On September 1st of last year, I ran in my first ever organized 5K race. I had my sister with me by my side, and I still consider the entire event to be one of the proudest moments of my life. If you want more details of that race, please go back and read my blog about that by clicking here.
This year, one day before the anniversary of that wonderful day, I ran in the same race. This time, for reasons I’ll likely get into in a future entry, my sister could not run with me. Last year, I gave her A LOT of credit for pushing me to keep running and to get me to the finish line in 29 minutes and 45 seconds. Without her there, I hoped to have a comparable time this year. That was always my goal if I got to another race.
I practiced the distance on a treadmill at gyms a decent amount of times over the last few weeks and months. I did not do nearly the amount of practicing I did the year before. I also did not get to run outdoors as much as I did last year. However, I want to make it very clear that I am not making any excuses for anything. I just couldn’t make the outdoor running happen this time.
During some practice runs last year I learned VERY QUICKLY that running on a treadmill and running on pavement are INCREDIBLY different activities. My legs did NOT like outdoor running at all last year. This time around, they were a bit more accustomed to it, even if I didn’t do it as often.
Also, as I’ve mentioned in previous entries, I’ve been doing DDP Yoga for over a year. By coincidence, my initial 13 week program ended the day of last year’s race. It was a great culmination of effort on various fronts for me. For most of the time since last year’s race and this year, I didn’t follow any pre-planned program with DDP Yoga, I just made it up as I went along. However, leading up to the race, I again made sure to follow a specific 13 week program, but this time I made it a harder one. I’ve also been eating A LOT healthier than I’ve been used to and I’m likely in the best shape of my life.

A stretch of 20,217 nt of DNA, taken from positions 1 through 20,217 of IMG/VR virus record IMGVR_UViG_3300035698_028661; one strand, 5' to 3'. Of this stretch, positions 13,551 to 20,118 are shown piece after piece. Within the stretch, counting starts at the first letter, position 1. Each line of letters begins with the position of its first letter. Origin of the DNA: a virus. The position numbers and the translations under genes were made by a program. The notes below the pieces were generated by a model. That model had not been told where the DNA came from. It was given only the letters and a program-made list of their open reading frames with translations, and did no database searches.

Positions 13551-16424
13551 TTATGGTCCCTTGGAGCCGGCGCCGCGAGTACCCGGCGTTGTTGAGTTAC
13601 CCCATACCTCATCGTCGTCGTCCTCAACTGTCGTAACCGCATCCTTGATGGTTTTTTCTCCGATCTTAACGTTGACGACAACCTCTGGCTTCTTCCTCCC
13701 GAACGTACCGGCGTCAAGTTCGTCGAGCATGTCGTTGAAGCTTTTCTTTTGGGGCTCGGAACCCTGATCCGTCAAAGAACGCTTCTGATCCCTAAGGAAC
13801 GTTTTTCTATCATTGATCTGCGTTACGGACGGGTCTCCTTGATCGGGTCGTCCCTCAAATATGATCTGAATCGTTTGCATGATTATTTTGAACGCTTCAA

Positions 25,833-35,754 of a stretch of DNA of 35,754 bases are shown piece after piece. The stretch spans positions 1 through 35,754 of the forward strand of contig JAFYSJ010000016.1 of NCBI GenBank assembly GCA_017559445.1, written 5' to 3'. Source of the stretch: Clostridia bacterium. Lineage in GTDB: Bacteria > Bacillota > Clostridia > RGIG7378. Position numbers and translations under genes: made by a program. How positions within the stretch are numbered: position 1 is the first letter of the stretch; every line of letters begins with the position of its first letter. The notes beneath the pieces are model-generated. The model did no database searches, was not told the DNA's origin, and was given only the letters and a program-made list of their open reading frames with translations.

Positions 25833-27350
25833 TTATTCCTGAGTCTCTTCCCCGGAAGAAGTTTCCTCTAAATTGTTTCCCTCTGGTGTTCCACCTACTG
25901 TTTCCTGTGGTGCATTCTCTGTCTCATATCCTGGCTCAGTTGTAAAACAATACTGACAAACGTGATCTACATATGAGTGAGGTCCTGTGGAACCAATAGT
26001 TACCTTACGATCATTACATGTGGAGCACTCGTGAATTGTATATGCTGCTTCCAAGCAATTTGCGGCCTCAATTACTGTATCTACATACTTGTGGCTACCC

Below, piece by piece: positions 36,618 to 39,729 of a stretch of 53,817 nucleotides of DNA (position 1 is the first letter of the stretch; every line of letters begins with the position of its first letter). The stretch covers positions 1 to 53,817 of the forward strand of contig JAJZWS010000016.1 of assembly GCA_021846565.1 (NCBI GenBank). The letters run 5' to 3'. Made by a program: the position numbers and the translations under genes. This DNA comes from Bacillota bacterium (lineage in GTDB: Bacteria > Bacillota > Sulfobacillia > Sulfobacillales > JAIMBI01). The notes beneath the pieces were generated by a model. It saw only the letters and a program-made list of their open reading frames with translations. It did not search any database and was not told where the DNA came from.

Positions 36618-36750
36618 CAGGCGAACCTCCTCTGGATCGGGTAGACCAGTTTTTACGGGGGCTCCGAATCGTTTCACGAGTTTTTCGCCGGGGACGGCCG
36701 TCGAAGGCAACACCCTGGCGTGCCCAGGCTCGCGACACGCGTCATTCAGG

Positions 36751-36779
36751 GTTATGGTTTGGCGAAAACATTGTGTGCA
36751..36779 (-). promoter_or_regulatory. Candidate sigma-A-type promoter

A day or two before the race, I had a dream about it and in that dream, I finished it in 28 minutes and 50 seconds. I had also told people who I would be very satisfied if I completed it in 31 minutes. The way I looked at it now, I had the goals in front of me. It was just up to me to make it happen.
Fast forward to race day, August 31st, 2013. I was nervous. I didn’t know what I was capable of that day. A few of my recent practice runs didn’t go so well. I had my MP3 player ready and I chose to use the exact same playlist I had used during last year’s race, but as I said before, this time I was doing it alone.
At 9:20 am, former New York Giant, “Touchdown Maker” Stephen Baker fired the gun and we were off. I believed I was doing well, but early on I had a bit of discomfort in my side. I slowed down to a brisk walk. I walked a few times during last year’s race, but this time I had started my walk A LOT sooner than I did last year. I was now concerned about my time.